Victims of child sexual abuse are entitled to just compensation for the injuries they suffered.  But what is “just compensation” and what does it do? What other changes might a lawsuit bring about? Attorney Paul Mones takes a closer look at how legal action can reimburse victims and end the cycle of abuse.

Monetary Compensation

Victims of child sexual abuse will typically endure years and possibly a lifetime of harmful consequences stemming from their experiences. Some of these are physical, but the vast majority are psychological, emotional, and behavioral. Among the most common problems that abuse survivors – children and adults- encounter are:

  • Anxiety, Shame, Confusion, and Fear
  • Eating disorders
  • Personality disorders
  • Post-traumatic stress disorder
  • Drug and alcohol addiction
  • Suicide attempts and other self-harm
  • Multiple sexual partners
  • Difficulty with sexual intimacy and forming relationships

Many problems, and others, are observed in children. For example, a child who has been sexually abused is more likely to run away from home, perform poorly in school, and withdraw from social situations he or she once loved. But the issues listed above are likely to last well into adulthood.

Victims who suffer from these problems often experience a decreased quality of life that touches on everything from their career prospects to their social and family relationships. Medical and mental health treatment can help address these issues and go a long way in repairing much of the damage. However, these services aren’t cheap. That’s where monetary compensation comes in.

Working with an experienced legal advocate, child sexual abuse victims can demand compensation from their abusers (along with the institutions and organizations that facilitated it) which can cover the following:

  • Medical treatment of sexually transmitted diseases and infections and other physical trauma
  • Psychiatric treatment, therapy, and mental health counseling
  • Hospitalization and other medical services in the event of a suicide attempt
  • Prescription medications to treat anxiety and depression
  • Rehabilitation for drug and alcohol abuse

Keep in mind that many victims need these and other services for years, and perhaps even for the rest of their lives. Having the right attorney on your side means having someone who knows the cost of these programs both now and in the future. It also means having an aggressive lawyer who can take on powerful and well-financed organizations that have repeatedly turned a blind eye to sexual abuse, such as the Boy Scouts and Catholic Church. Holding those institutions responsible doesn’t end with monetary compensation.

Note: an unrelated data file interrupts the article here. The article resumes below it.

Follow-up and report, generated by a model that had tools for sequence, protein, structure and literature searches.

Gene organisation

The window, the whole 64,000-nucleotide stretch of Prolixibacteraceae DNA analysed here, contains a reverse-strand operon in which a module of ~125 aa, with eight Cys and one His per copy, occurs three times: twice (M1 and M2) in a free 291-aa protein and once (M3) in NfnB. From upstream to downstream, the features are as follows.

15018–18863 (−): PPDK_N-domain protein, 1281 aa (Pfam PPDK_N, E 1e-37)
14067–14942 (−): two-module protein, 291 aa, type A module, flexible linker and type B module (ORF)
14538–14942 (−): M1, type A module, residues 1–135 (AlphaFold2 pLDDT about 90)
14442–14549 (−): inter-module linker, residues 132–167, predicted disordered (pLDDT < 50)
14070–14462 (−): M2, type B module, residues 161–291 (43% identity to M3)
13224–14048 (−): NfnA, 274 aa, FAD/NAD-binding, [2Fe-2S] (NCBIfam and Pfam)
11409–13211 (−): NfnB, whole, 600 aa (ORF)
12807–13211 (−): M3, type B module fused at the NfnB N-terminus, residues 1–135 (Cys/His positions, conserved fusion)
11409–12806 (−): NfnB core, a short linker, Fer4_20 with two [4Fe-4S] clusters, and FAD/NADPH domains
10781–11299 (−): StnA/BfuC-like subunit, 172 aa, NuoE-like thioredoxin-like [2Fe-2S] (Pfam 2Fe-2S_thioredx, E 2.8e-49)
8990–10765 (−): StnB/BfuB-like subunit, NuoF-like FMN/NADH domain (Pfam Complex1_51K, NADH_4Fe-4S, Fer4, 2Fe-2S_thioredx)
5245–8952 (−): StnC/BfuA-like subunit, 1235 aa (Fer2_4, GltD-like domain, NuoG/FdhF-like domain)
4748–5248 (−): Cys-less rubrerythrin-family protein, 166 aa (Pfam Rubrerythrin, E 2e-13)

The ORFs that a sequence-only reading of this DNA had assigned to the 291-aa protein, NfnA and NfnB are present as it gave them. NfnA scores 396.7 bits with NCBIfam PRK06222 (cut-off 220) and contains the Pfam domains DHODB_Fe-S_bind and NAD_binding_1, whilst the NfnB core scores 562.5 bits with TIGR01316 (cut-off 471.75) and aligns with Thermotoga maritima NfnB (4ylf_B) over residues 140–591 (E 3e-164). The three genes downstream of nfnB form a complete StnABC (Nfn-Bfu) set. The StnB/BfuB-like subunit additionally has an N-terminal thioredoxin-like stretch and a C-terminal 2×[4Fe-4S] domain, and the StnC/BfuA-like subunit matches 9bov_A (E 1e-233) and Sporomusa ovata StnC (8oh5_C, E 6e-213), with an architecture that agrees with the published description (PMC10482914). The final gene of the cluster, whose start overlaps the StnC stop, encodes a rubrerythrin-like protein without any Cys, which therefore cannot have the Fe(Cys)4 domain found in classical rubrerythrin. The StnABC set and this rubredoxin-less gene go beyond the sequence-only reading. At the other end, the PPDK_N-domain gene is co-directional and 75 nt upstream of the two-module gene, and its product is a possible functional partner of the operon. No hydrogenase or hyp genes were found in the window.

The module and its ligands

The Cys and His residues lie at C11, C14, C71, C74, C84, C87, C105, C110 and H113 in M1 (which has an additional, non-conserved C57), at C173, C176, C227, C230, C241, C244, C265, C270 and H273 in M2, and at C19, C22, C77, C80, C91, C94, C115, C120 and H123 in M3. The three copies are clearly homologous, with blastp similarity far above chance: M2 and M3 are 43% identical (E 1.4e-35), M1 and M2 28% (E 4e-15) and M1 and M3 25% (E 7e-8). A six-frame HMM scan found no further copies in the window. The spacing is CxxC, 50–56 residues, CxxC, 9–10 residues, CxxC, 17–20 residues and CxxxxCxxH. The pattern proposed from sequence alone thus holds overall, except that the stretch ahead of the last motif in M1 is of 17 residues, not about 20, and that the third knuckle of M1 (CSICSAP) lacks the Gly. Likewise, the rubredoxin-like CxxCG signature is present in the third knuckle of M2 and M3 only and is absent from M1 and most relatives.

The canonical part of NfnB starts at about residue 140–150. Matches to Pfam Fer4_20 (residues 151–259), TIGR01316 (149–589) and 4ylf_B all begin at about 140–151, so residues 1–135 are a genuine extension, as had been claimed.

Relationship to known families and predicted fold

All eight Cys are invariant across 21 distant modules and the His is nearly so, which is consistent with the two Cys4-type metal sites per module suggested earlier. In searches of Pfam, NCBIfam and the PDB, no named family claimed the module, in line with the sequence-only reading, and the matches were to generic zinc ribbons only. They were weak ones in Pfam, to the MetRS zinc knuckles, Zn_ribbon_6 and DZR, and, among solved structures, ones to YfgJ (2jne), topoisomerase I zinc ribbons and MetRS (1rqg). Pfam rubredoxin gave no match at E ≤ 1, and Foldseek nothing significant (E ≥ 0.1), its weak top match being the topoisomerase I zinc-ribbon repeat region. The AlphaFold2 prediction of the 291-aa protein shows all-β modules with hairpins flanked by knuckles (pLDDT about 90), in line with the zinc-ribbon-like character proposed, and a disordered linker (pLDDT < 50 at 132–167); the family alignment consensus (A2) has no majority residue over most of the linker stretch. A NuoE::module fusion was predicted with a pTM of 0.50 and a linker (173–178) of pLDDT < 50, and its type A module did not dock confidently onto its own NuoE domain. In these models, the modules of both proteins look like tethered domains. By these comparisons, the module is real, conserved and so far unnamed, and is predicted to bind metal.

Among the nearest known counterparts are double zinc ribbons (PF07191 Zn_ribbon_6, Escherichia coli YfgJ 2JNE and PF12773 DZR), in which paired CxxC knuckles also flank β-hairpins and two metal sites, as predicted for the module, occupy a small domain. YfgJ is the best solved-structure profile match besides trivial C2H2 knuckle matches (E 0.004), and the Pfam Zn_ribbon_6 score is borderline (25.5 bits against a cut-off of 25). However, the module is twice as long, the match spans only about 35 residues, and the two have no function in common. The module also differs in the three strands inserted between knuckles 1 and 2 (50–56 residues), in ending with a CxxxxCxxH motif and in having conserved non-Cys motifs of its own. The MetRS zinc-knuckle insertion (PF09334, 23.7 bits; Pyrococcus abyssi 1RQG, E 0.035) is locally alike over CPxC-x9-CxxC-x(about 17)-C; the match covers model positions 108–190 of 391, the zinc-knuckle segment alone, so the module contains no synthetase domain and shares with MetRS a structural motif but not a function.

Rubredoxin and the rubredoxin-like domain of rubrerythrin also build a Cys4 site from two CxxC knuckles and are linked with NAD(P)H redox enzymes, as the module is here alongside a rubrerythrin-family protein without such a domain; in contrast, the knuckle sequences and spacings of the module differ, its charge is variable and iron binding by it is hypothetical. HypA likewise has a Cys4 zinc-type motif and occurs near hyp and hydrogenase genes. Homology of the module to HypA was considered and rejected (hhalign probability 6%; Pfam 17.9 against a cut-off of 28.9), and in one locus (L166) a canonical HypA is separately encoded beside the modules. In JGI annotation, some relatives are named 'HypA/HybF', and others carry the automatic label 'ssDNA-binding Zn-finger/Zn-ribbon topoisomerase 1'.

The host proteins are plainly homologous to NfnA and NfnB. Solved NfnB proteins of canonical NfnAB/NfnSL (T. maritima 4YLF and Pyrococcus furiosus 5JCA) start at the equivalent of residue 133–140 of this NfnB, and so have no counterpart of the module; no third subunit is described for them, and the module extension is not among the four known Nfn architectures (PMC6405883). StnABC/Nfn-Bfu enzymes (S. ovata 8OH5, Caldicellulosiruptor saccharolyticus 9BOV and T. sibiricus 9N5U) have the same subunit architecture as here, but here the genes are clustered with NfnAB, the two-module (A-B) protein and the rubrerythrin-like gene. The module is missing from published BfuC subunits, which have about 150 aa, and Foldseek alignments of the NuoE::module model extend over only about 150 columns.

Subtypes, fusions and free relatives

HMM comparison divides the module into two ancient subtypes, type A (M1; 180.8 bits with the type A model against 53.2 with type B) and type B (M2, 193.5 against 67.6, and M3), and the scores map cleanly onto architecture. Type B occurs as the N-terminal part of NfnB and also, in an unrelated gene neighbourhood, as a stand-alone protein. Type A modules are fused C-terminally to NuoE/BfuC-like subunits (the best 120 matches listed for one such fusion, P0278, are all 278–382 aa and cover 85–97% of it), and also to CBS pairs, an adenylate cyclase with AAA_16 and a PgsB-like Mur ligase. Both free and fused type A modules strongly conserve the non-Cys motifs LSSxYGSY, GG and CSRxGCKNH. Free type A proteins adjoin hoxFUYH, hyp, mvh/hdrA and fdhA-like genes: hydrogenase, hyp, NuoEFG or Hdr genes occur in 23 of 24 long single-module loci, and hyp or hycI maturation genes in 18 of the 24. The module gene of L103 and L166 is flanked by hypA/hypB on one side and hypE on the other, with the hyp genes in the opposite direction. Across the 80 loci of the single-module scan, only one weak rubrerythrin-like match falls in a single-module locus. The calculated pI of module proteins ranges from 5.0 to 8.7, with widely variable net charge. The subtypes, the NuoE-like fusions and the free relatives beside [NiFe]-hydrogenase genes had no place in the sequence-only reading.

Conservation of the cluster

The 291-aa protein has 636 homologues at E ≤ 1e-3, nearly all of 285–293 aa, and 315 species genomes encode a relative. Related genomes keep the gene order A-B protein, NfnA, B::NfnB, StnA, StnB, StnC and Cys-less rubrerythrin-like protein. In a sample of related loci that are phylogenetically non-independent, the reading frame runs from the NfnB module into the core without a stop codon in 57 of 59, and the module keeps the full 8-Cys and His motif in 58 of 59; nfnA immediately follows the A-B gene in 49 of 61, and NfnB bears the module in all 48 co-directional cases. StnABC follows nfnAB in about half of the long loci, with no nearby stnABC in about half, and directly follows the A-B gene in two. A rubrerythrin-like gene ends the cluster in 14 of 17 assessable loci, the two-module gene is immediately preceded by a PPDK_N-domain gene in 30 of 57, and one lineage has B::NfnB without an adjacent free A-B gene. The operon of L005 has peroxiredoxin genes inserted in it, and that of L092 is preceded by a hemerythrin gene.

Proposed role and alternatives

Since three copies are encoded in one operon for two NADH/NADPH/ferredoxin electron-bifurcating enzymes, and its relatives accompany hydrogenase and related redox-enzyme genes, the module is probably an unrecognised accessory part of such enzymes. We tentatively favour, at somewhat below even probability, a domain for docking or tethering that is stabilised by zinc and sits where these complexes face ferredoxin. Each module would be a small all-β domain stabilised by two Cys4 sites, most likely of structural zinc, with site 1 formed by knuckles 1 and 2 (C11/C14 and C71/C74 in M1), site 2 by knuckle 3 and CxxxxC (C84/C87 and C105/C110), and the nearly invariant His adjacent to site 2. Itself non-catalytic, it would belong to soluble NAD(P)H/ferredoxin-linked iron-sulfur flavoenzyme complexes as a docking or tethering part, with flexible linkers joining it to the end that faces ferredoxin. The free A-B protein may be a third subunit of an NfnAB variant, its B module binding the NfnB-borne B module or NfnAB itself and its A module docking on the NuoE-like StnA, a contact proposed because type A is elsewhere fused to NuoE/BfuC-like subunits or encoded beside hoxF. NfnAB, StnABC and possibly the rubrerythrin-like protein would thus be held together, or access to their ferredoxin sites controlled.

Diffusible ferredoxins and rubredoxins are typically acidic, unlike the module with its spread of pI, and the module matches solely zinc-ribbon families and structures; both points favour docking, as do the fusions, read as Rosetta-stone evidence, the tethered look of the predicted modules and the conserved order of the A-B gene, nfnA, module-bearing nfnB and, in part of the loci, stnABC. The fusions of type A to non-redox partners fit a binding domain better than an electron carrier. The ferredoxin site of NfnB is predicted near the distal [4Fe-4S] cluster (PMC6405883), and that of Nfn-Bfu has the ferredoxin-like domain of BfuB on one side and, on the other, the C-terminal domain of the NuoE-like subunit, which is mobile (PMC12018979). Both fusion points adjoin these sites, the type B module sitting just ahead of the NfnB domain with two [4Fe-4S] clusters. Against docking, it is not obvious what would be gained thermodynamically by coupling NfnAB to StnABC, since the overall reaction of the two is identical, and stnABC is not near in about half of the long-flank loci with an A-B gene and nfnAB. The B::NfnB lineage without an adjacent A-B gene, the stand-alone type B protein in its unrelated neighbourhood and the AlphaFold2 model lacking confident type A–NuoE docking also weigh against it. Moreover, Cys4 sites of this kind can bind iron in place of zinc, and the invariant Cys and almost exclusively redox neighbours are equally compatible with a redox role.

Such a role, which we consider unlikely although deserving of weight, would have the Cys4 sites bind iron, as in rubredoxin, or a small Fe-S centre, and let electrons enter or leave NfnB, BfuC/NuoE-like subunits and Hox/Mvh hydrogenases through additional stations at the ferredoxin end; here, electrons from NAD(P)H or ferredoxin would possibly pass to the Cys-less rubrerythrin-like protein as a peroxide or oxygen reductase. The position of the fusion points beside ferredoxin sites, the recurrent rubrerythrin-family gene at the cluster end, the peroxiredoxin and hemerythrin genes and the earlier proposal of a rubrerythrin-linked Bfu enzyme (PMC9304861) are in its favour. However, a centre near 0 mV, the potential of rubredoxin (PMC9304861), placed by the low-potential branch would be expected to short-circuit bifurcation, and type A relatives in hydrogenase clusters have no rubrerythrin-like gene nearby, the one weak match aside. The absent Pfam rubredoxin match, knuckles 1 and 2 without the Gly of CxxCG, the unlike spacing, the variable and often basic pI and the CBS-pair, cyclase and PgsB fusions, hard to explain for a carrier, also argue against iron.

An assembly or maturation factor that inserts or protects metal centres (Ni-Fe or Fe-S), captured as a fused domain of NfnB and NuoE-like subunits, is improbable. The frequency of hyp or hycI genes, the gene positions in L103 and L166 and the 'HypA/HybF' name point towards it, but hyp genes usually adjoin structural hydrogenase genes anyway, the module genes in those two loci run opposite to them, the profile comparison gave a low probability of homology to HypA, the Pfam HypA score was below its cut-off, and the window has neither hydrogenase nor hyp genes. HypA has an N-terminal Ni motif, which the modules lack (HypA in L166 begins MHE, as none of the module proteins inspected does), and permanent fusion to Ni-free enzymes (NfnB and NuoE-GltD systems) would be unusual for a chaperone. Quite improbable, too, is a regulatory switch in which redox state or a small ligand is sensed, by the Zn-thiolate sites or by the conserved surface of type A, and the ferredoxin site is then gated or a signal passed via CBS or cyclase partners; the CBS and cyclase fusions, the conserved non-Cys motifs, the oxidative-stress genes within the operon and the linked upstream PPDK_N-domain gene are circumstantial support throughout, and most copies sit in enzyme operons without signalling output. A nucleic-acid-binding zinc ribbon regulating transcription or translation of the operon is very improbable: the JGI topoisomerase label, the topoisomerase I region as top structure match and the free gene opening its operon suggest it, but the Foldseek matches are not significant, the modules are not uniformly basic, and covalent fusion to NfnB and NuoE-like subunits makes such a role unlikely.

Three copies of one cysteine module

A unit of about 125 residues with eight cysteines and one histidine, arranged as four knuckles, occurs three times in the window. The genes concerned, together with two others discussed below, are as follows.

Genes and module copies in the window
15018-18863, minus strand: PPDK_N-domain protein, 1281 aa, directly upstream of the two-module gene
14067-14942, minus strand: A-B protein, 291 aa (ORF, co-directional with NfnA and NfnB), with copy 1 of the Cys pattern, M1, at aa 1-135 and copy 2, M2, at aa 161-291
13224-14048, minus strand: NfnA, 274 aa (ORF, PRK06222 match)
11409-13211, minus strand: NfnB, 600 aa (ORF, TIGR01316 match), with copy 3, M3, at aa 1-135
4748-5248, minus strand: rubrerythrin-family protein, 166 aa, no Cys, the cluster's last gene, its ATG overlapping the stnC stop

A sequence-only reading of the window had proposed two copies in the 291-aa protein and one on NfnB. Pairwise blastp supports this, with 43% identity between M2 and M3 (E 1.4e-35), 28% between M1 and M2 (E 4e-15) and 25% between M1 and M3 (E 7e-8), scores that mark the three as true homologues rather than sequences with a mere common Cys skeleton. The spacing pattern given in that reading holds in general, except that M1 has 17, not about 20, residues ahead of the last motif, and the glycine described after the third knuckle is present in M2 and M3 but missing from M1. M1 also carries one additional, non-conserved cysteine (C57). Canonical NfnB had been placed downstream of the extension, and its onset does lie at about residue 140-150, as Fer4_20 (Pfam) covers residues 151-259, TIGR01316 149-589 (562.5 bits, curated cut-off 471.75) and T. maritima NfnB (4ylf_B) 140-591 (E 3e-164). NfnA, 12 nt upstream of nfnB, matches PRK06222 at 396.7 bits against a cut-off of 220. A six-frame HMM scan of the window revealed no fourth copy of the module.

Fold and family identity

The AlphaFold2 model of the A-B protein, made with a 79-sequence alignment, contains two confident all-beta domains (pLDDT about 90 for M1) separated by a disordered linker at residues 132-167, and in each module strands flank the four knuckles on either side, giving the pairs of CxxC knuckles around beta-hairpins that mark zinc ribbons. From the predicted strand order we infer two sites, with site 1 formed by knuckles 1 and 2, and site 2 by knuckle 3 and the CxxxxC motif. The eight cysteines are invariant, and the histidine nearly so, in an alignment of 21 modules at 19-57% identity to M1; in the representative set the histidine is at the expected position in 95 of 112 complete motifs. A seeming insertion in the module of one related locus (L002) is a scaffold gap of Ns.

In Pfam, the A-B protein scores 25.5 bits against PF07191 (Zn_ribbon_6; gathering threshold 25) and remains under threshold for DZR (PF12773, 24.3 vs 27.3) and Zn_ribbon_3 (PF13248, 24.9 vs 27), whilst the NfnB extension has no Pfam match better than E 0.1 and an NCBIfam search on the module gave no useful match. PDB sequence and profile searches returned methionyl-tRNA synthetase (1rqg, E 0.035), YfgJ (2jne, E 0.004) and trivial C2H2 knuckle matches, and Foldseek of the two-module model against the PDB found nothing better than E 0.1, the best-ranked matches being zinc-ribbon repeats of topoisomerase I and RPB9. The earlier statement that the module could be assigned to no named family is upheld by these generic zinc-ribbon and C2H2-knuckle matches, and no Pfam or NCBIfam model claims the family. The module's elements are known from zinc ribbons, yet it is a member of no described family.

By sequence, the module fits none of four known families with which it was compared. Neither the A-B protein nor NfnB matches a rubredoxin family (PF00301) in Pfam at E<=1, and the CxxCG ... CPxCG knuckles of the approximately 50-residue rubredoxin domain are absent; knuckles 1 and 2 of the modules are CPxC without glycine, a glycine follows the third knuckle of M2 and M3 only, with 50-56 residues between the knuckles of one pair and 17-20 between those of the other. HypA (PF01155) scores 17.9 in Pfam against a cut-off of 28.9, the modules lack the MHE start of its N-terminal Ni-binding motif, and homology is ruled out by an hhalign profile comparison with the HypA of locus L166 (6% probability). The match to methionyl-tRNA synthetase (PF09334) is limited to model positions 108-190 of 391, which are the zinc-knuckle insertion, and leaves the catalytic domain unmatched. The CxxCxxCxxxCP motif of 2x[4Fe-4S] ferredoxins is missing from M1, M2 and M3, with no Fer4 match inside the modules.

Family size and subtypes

Changes To Institutions

Following widely reported sexual abuse scandals in a number of different organizations, reforms were put into place to address problems that many advocates believed had allowed (or aggravated) the abuse. For instance, the Catholic Church has made a series of changes in the two decades since abuse claims were broadly publicized in the United States and elsewhere.

Some changes had already been implemented in local churches and dioceses but were formalized later by the Vatican. For example, in the United States, Catholic officials were already required to comply with legal obligations to report suspicions of sexual abuse. But in late 2019, Pope Francis ordered these practices as universal church law.

Other changes had been demanded for a number of years, such as abolishing pontifical secrecy. Victims’ advocates had argued that the secrecy rule was unnecessary and only allowed abusive priests (and those who looked the other way) to hide behind it rather than cooperate with authorities.

It’s important, however, that advocates not let up on their efforts to force organizations to adopt – and enforce – policies that can prevent abuse. Many have pointed out that some of these reforms don’t go far enough, or don’t have clear enforcement mechanisms that will give them the necessary teeth to stop and expose sexual predators. Others have criticized institutions for being vague about the measures they intend to implement. Vigilance and continued pressure will be key.

Changes To Laws

California, in particular, has been a leader in legislative reform aimed at preventing child sexual abuse and bringing the responsible parties to justice. For example, in October 2019, California enacted Assembly Bill 218. The law gives victims a three-year window, that began on January 1, 2020, to bring sexual abuse claims, no matter how long ago the abuse occurred. The statute of limitations for all California sexual abuse cases was also expanded to give victims more time to file claims. Another change includes expanded mandatory reporting requirements that obligate certain professionals in California to notify authorities of suspected abuse.

But more reforms are needed. The CDC has recommended additional efforts to prevent child sexual abuse that include:

  • Improved surveillance systems and data collection to monitor child sexual abuse
  • Increased studying and understanding of risk and protective factors for child sexual abuse perpetration and victimization
  • Stronger evidence-based policies, programs, and practices aimed at the prevention of child sexual abuse
  • Increased dissemination and implementation of evidence-based strategies for child sexual abuse prevention

We’re Working On Behalf Of Victims

Our firm is dedicated to obtain fair and just compensation for victims of child sexual abuse victims so they can get their lives back on track. But we’re also mindful of the many other ways that society is changing to prevent abuse and hold abusers accountable. If you or a loved one were sexually abused as a child, let us discuss your legal options with you. Call today to find out more.